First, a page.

One Year Later, Still Haunted by Israel’s 2014 War on Gaza

How is Gaza doing now? Short answer: “not well, not at all.” War is war: no words can describe it. Everything is still the same, except for the sound of shells and bombardments, of course. Though wait, we can still hear the noise inside our heads: the shellings left us with many memories, physical diseases and mental illnesses, as you may know. We can’t sleep at night. How are we supposed to forget? How can we move past these flashbacks? Can writing about this aggression bring back some of what we’ve lost? I want to write about it. I want to speak out. I want my voice from Gaza City to be heard all around the world. I simply want you to know about Israel’s attack on Gaza one year ago. Below I share the story of how we left our neighborhood on the unforgettable day of the massacre.

Remembering Israel’s 2014 Attack on Gaza

With our cell phones in hand, we left the house, waiting for death at any moment. The streets were empty, except for some photographers and paramedics. As we passed, the wounded were staring at us as they waited to die.

By the time we reached the outskirts of al-Shujaiya, my neighborhood in occupied eastern Gaza City, we almost collapsed. Entire families were evacuating the area, holding their children, propelling their elderly in wheelchairs while young people carried some clothing.

To become merely a number, to end up as a human portrait; your photos spread across newspapers and TV channels. All of this happens while you are in the middle of a massacre that claimed the lives of dozens of families and neighbors.

We understood the extent of the massacre as soon as we reached the neighborhood’s exit. The streets were witnessing what had never been seen throughout Gaza’s long and tragic history; forced displacement; women in their prayer dresses, barefoot children, men, and elderly, all running for their lives with what’s left of their strength after witnessing the Israeli military spilling Palestinian blood.

“We will go to where our feet take us… to the unknown… to the least bloody place,” – that’s what we kept telling each other as we moved from onewarzone to another. Finally, we decided to take refuge in my grandparents’ house, located in the center of Gaza city. I broke into tears as soon as I knew that death couldn’t catch us… that death lost its way to us.

My grandparents’ house alone sheltered around 150 displaced Gazans, most of whom were from stricken neighborhood. We clung onto the walls, in disbelief that we were in a room, with four walls and a ceiling. Although we were traumatized, we could still hear the bustling sound of shelling, rockets, and missiles haunting us from the outside.

We found a spot down the stairwell and called it home. We stayed there until the displacement phase was over, for it was the only empty space that we could find in that packed house… that was our new “home.” At that time, the aggression had reached its peak, and we knew that “time” had stopped the moment we left our home in al-Shujaiya.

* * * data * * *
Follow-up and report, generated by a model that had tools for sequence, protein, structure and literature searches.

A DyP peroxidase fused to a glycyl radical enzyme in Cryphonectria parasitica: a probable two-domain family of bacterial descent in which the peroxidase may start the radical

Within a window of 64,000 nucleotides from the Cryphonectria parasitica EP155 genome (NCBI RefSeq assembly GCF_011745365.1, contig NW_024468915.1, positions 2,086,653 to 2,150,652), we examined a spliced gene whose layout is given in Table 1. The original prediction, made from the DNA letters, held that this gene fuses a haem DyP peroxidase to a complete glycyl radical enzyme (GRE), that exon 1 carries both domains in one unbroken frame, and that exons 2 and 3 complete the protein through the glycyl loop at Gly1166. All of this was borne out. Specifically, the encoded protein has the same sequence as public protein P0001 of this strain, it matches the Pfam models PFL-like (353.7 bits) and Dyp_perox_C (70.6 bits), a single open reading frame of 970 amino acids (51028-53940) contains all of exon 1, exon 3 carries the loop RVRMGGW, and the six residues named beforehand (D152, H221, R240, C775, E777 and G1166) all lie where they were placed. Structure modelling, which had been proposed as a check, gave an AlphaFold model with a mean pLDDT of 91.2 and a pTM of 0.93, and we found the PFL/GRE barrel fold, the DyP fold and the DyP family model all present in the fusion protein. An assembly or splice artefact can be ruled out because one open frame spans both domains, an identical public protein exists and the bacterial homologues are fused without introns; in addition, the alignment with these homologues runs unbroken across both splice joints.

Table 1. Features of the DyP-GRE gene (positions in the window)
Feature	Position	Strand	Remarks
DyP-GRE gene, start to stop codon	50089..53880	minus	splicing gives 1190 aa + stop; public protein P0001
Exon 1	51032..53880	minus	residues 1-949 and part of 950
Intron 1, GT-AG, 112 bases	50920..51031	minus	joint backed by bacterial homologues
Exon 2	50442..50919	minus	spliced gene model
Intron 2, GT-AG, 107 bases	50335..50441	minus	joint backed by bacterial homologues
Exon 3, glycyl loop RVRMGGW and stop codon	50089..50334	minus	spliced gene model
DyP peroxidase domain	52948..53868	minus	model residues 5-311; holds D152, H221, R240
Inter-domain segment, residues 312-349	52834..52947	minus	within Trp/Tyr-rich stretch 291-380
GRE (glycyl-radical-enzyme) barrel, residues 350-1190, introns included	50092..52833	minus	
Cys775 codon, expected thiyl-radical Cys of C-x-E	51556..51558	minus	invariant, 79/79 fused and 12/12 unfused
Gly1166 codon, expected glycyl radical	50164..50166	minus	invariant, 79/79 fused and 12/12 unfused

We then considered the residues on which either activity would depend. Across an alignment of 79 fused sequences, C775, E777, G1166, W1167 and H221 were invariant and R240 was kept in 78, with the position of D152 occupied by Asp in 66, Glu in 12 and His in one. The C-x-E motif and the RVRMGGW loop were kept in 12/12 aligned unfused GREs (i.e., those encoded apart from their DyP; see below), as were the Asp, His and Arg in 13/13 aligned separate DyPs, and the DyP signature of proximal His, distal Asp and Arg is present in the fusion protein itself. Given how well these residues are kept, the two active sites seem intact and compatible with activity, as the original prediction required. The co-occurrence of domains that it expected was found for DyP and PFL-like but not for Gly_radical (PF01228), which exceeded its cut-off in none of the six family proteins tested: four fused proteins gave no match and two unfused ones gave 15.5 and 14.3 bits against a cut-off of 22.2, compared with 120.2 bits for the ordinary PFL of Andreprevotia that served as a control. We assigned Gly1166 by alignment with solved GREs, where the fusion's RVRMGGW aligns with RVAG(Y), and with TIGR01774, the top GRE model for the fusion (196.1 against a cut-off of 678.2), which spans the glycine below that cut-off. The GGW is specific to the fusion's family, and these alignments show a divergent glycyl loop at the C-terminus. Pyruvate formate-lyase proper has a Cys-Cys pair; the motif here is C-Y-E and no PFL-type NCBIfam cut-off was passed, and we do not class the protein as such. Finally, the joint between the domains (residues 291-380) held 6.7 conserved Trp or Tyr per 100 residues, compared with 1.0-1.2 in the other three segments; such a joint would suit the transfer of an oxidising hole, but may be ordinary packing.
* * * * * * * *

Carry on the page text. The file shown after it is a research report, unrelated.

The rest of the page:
Our nights felt the same as our days – and sounded the same as well: like hell; a path that Israel used as it continually targeted us randomly, not distinguishing between a civilian, a child and a militaryman. Everyone was a target. The criminal acts started intensifying after we moved to the city center. With the passage of days, we became deprived of water, food, electricity, and security little by little. This happened in front of the whole world, yet, no one was able to take a stance against the State of Israel.

Two weeks after al-Shujaiya massacre, Israel decided to declare its first “humanitarian” ceasefire for six hours only. When I finally returned home, the scenes crushed the rest of my soul. I discovered for the first time the true meaning of war… the real implications of brutality. Ambulances began to collect the decomposed bodies of martyrs off the streets. I could still hear the echoes of the paramedics’ questions: “Is there anybody there?” “Are you stillalive?” They were screaming in search of survivors who were trapped under the rubble.

We could breathe the smell of death, the smell of gunpowder, and the smell of mould from homes that were abandoned by their residents in search of safety, the safety that had been lost throughout the entire city.

Oh our misery! Oh or pain! Oh our sadness! Oh our injuries… 51 days… the Israeli military opened the doors of death to Gazans.

Looking Back, Looking Forward

The most frightening thing when writing about this war is that you know too well that the next one will be worse, that we cannot escape the fact that there will be another war. We were able to survive three wars in seven years. The latest was the cruelest and the most ferocious of them all. Yet, we don’t know if we will survive the fourth war, which must exceed our imagination, it actually exceeds any kind of human imagination.

Finally: “Here we are; the disgruntled people at all times and places. Here we are; the ones who live the life of the long waits… we wait for the crossing, for electricity, for fuel, for the reconstruction, for work, for love, for the port, for the airport, for cinemas, for earth, for the sea, for life, for the sky, for war… and for God.”